The Tax Cuts and Jobs Act signed into law on December 22, 2017 is prompting some prudent early tax 2018 actions by both employers and employees related to employee benefits. Many employers are electing to make additional employer qualified plan contributions for the 2017 tax year when the employer’s tax rate may be higher and thereby yield a bigger tax benefit. C corporations, in particular, whose federal income tax rate in 2017 was as high as 35%, may find worthwhile to make further 2017 plan contributions, such as discretionary profit sharing contributions, if permitted under their 401(k) plans (up to the general defined contribution plan limit of 25% of compensation), rather than make the same contributions for 2018 when the company’s tax rate is a flat 21%. But in order to secure the deduction for the 2017 tax year, the deduction must be made by the April 17, 2018 deadline for filing the Form 1120 corporate tax return. Provided, however, if the corporation timely files by April 17 for a 6 month extension, it can make a deductible qualified plan contribution for the 2017 year as late as October 15, 2018.
Pass-through entities such as partnerships, limited liability companies (LLCs) and S corporations may be less inclined to accelerate plan contribution deductions to 2017 since the individual tax rates that apply to their partners or shareholders were not dramatically lowered by the new Act. But if they do desire to accelerate then they must make the contributions by the March 15, 2018 deadline for their Form 1065 (or Form 1120S for a S corporation), unless they similarly obtain a 6 month extension of the filing deadline. If the 6 month extension is obtained timely, then a 2017 contribution would be due by September 15, 2018.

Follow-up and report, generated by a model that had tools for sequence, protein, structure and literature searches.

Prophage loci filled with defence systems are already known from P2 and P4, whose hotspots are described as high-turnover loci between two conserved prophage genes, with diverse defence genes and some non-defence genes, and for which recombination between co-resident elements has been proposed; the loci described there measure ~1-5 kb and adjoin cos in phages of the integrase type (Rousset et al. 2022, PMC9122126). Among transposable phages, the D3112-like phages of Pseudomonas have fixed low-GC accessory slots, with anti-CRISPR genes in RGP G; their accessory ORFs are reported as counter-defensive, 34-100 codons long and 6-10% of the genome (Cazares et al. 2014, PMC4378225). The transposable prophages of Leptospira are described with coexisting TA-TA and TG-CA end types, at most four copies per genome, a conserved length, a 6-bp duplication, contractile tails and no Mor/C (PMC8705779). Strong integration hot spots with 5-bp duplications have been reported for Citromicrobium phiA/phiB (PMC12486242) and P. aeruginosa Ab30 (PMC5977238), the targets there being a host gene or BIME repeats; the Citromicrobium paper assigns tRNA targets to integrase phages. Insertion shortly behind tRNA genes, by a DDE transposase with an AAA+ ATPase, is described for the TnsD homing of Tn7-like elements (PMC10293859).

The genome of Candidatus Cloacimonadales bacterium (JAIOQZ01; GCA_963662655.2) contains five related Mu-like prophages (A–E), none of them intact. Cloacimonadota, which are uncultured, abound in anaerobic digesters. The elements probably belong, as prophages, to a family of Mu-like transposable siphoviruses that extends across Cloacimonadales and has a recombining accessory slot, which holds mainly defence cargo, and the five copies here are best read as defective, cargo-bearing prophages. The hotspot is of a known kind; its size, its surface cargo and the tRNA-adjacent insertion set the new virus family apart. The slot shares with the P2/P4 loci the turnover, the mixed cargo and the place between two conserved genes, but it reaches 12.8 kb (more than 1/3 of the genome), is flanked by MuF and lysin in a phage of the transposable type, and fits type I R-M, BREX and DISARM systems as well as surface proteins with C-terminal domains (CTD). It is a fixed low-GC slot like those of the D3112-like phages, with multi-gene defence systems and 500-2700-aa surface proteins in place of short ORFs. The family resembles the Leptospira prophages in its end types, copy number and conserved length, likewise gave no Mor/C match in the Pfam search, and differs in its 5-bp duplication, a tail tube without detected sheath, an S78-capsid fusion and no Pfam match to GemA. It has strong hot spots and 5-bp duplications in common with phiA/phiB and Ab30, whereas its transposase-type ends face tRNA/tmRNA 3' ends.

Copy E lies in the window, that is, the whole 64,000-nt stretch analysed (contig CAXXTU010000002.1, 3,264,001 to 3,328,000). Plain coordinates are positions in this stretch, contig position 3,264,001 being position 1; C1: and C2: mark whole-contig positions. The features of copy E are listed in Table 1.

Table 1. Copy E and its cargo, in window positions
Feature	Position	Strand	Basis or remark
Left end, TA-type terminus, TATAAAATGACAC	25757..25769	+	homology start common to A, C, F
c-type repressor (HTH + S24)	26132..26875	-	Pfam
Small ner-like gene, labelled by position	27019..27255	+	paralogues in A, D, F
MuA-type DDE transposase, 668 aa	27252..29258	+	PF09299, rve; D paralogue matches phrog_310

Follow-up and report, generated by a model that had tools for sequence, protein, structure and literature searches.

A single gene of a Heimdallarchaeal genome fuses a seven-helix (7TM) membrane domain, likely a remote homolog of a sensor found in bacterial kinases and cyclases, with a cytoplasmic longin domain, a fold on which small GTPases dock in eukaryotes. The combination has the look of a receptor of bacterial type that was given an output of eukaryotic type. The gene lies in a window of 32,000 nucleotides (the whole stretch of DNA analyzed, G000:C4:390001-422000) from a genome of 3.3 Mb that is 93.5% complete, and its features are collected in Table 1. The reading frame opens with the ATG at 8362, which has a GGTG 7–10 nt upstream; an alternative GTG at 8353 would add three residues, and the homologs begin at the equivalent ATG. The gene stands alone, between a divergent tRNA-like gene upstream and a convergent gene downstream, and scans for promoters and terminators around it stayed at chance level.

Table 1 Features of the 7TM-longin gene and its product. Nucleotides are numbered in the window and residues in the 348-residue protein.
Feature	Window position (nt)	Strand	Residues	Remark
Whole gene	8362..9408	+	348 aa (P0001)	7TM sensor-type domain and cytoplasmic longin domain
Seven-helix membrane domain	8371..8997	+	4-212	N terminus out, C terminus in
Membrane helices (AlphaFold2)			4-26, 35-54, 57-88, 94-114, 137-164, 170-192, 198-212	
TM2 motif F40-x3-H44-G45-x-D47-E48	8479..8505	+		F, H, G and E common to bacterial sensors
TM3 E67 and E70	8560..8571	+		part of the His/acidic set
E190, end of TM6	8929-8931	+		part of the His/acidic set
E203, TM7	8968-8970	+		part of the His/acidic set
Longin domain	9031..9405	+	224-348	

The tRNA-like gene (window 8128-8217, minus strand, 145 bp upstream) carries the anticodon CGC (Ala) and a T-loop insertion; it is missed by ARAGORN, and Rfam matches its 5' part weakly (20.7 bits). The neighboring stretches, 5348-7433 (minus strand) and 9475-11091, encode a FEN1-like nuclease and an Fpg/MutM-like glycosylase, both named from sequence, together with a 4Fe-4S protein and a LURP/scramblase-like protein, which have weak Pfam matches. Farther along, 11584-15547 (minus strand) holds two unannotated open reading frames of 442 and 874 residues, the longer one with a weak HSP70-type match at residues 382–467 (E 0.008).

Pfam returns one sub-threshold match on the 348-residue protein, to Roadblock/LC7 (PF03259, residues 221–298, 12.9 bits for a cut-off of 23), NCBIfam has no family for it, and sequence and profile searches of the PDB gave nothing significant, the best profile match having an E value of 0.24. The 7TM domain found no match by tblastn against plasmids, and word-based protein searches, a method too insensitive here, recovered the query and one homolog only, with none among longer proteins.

Note that the deadline for deducting a contribution allocable to 2017 for deduction purposes is based on the actual company tax return due date (as extended), rather than the date the company’s tax return is actually filed. Also, the deadline for making the contribution for 2017 is not the same as the deadline for depositing employer contributions so as to be counted for 2017 under the “Section 415” rules for maximum “annual additions” to a qualified plan. Under those rules, all annual additions, including employer contributions, must be made and deposited no later than 30 days following the due date of the company tax return (with extensions). Therefore, if a C corporation extends the deadline for the 2017 federal income tax return to October 15, 2018, then the date for depositing its company contribution for purposes of counting it against the Section 415 annual addition limit is November 15, 2018. In addition, these tax deduction timing rules should not be confused with the timing rules for required and permissive funding of defined benefit plans.
Finally, employees should be encouraged by employers to review and revise their declared W-4 allowances in early 2018 to account for the many individual tax changes made by the Act. These include the tax rate changes, changes to allowable deductions for state and local taxes and mortgage interest and the elimination of the personal exemption coupled with the near doubling of the standard deduction from $6,500 to $12,000 for singles and from $13,000 to $24,000 for married couples. To assist employees, the IRS issued new wage withholding tables in January, a new form W-4 on February 28th and an online withholding calculator to assist employees in revising their W-4 allowances (See www.irs.gov/newsroom/updated-withholding-calculator-form-w-4-released-calculator-helps-taxpayers-review-withholding-following-new-tax-law). An employee’s refiguring of tax allowances and the revising of the net payable wage amount will both take into account, and have an important bearing on, the 401(k) deferral elections and other pretax (and post-tax) employee benefit deductions from pay that an employee may wish, or be able, to make.